Uncle Sam doesn’t let you off the financial hook once you reach retirement. Fortunately, you can create a retirement plan that minimizes your taxes once you understand where and when they arise.
You worked hard your whole career to save for retirement, but it doesn’t stop there. Once you get to retirement age, many retirees don’t take into consideration the cumulative impact of federal and state income taxes on withdrawals from their nest eggs.
First step is figuring out your tax bracket. Your tax rate in retirement will depend on the total amount of your taxable income and your deductions. Begin by listing each type of income and how much will be taxable to estimate your tax rate. Add that up, then reduce that number by your expected deductions for the year. For 2021, the top tax rate remains at 37% with incomes greater than $523,600 ($628,300 for married couples filing jointly). The other rates for 2021 are as follows:
- 35%, for incomes over $209,425 ($418,850 for married couples filing jointly)
- 32% for incomes over $164,925 ($329,850 for married couples filing jointly)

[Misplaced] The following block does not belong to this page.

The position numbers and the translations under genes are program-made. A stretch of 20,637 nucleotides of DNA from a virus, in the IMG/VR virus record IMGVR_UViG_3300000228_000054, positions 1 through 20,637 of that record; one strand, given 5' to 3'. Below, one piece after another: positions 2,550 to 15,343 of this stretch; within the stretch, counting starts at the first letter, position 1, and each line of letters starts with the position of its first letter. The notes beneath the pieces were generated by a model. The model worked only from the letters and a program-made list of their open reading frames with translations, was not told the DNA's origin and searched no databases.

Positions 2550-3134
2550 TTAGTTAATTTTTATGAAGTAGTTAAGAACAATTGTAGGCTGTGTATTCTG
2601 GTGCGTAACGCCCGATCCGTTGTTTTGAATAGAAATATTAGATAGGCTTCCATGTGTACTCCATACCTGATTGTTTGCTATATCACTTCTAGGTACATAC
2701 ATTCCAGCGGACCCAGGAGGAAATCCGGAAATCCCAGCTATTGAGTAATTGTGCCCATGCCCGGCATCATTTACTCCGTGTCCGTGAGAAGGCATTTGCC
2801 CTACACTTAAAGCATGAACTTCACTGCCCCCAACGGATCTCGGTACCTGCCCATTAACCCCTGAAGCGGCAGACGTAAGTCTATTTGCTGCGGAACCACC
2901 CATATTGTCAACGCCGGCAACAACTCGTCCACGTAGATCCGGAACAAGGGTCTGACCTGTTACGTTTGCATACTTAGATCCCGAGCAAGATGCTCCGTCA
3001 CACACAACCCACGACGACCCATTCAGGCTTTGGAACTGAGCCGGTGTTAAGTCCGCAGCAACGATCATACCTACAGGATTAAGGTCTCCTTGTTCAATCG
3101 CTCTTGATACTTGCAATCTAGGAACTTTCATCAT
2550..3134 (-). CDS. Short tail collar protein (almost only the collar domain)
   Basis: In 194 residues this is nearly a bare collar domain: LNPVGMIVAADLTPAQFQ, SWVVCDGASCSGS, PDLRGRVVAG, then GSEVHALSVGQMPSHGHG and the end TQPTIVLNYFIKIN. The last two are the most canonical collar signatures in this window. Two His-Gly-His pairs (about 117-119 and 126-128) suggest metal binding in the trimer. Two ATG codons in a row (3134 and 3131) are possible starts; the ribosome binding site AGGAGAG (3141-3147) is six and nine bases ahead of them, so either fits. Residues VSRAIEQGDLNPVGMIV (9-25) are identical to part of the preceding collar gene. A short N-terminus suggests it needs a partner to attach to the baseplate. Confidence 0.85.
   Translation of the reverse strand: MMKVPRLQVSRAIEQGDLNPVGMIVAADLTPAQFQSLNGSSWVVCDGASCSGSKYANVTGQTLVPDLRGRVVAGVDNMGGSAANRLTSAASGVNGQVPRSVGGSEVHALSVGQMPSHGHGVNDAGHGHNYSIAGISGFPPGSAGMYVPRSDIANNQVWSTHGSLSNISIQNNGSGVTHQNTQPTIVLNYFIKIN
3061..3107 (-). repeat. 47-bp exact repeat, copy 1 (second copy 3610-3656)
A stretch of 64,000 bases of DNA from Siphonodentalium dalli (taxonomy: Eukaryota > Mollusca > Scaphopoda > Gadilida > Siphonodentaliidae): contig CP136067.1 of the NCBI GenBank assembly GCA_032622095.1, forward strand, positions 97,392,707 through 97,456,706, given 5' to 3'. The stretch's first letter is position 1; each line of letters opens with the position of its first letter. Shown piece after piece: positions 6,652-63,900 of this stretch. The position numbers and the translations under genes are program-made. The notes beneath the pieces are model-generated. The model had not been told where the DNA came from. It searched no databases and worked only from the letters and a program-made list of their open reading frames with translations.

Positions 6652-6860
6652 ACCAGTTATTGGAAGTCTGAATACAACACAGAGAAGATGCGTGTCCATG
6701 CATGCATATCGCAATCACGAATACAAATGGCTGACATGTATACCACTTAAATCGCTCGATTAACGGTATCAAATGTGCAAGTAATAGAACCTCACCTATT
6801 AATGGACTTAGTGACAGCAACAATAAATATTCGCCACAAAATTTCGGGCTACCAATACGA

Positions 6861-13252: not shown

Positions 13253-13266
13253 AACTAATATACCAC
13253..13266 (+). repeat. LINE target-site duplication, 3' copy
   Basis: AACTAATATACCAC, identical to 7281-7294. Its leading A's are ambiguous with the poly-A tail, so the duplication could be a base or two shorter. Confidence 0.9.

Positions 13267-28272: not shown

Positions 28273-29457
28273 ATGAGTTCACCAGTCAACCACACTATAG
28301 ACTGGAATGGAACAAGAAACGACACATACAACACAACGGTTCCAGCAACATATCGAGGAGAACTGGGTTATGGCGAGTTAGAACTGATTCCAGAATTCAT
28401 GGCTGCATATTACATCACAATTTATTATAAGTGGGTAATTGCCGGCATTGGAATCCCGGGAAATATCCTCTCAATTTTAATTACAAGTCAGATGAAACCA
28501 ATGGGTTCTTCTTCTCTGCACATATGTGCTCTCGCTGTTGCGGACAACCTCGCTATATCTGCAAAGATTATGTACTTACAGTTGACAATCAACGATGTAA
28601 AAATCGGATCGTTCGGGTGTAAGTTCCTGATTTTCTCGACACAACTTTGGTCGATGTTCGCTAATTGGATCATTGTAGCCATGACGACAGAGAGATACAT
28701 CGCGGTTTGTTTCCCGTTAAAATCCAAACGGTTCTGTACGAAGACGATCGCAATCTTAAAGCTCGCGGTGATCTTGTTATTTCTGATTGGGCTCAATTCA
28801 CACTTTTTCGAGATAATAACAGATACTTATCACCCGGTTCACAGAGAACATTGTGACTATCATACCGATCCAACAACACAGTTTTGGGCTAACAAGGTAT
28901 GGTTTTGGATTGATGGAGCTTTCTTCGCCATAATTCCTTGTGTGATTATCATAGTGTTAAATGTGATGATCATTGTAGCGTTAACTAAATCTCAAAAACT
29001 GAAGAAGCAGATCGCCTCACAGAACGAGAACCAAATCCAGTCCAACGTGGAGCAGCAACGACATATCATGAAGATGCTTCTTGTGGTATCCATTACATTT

- 24% for incomes over $86,375 ($172,750 for married couples filing jointly)
- 22% for incomes over $40,525 ($81,050 for married couples filing jointly)
- 12% for incomes over $9,950 ($19,900 for married couples filing jointly)
Here are some key taxes and strategies you don’t want to miss if you want lower taxes in retirement.
In retirement, you’ll need to pay close attention to your Social Security benefits and taxable income. This is because as your taxable income increases, the potential tax you have to pay also rapidly increases.
The taxable amount—anywhere from zero to 85%—depends on how much other income you have in addition to Social Security. If you and your spouse file jointly – known to the IRS as “combined income” – you can plug your combined income into a formula in its tax worksheet to determine how much of your benefits will be taxable each year. The range for a joint return is $32,000 to $44,000. If you fall within that range, as much as 50% of your benefits will be subject to income tax. Exceeding the upper limit of $44,000 will increase the percentage to 85%, just like the individual tax return.
The IRS released new required minimum distribution (RMD) tables that become effective in 2022: The minimum distribution amount is reduced by roughly two years based on changes to life expectancy. The lifetime table had 27.4 years as the distribution period for age 70 on previous tables. Now at age 72 it has 27.4 years.
It’s important to point out that depending on your RMD amount and other income, your distributions could push you into a higher tax bracket, resulting in more taxes in retirement. So, keep an eye on your taxable income so you can minimize your taxes as much as possible.
Roth IRAs come with a big long-term tax advantage: Contributions to Roths aren’t deductible, but withdrawals are tax-free. (In order to take distributions from a Roth account, the account has to be open for at least five years.)